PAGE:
Mr Vogels — What about Kyneton? You missed Kyneton.
Ms TIERNEY — That has not actually been proposed by the federal government, but if Mr Vogels wants to suggest to his party that Kyneton be included, I am sure there will be some difficulties with respect to the primary industry people who are working hard in those areas.
In terms of the waste, we are expected to say it is all right to store noxious and toxic materials in an area that has no adequate population buffers — that is in respect of the Werribee and Avalon scenario. Those interface areas are obviously growing and are home to over 270 000 people.
It is an area that has also been one of the real success stories of the Bracks government in its revitalising regional Victoria. The Werribee-Avalon area is home to 36 endangered species.
This bill will give people a chance to make clear how they stand. It will give Victorians, and especially Victorians in my electorate, a chance to stand up to the commonwealth government and tell it they will not accept nuclear reactors in western Victoria because they have a real interest and a real stake in maintaining their livelihoods, not just for themselves but for future generations.
It is no wonder that the Liberals will not support the bill. This plebiscite will let the people of Victoria have a say, as the state confronts the challenge of moving into a low-carbon economy.
The opposition cannot take the chance of listening to the people because its plan is for a nuclear Victoria and it will be refuted. It just does not meet the basic risk tests on any level. It does not stack up against the more balanced suite of options that the Bracks government is formulating to handle the challenge of a low-carbon future. That is why the Liberals are scared of the democratic will of the Victorian population.
Adopting a nuclear energy approach to reducing greenhouse gas emissions is short sighted. Even the Switkowski report acknowledges that over the life span of the nuclear cycle the greenhouse gas emissions are higher than all but one renewable technology — that is, photovoltaic generation, and the report acknowledges that technological advances are likely to be made which will reduce the figure in that case.
At the quickest it will be another 20 years before the nuclear industry can be established, and I think that was highlighted by Mr Barber. In that time investment money will be likely to be diverted from renewable technologies and nothing will be done about lowering greenhouse gas emissions. Investment in nuclear generation, potentially crowding out investment opportunities for renewable and near-zero emission technology will rob the state of this opportunity. That is a very important point that needs to be directed to the opposition party, because, as I said at the beginning, this is about trying to pick winners and to manipulate a situation where we end up with a restricted number of technologies that will dictate our future and the futures of generations to come.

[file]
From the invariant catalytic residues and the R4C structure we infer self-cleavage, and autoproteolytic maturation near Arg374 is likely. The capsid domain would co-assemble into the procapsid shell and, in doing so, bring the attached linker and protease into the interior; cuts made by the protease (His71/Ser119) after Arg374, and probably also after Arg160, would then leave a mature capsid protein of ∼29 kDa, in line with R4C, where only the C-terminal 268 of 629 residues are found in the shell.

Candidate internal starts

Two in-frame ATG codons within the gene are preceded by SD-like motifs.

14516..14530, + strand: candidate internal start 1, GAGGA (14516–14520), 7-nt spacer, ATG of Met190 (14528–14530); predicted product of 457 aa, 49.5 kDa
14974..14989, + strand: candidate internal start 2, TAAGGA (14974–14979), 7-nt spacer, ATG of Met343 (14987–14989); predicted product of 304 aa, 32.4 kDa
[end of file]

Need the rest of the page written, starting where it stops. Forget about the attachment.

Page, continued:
We are wanting to encourage a diverse array of technologies in Victoria. We are not about picking winners. Imposing nuclear technology is picking winners to the detriment of competing industries.
I just want to draw attention to what is happening in western Victoria in respect of wind farms. The crowding-out-of-investment scenario is likely to affect the economy in western Victoria. Western Victoria is booming with respect to the energy sector. There are two operating wind farms in western Victoria, with six more approved but not yet operational. In summary we have 8, and a further 10 are pending for western Victoria.
The community deserves a response to a federally imposed nuclear industry that will be receiving massive amounts of government support, threatening independent operators and competing businesses in the region — —
Mr O’Donohue — On a point of order, President, I do not want to take the point lightly, but the member continues to read verbatim from her notes.
The PRESIDENT — Order!
I have been watching the member, and I think she has made a reasonable effort to ensure she is not reading verbatim, word for word. However, given Mr O’Donohue’s point of order and the fact that I have already ruled that it is a reasonable one to raise, I will pay closer attention.
Ms TIERNEY — In short, the government believes that having a suite of technologies in respect of energy is a much superior solution to greenhouse gas emissions and the whole issue of climate change. It is not an all-eggs-in-one-basket scenario which the federal government is trying to urge us towards. It will not bequeath to our children and grandchildren a litany of health and safety issues now and into the future. In short, I urge members of the chamber to vote for the bill. It is a democratic bill which amplifies people’s vision and enhances human rights for people in Victoria.
I clearly state that the opposition should not be worried about Victorian people having a vote on an issue that directly affects them on a day-to-day issue or for future generations in this great state.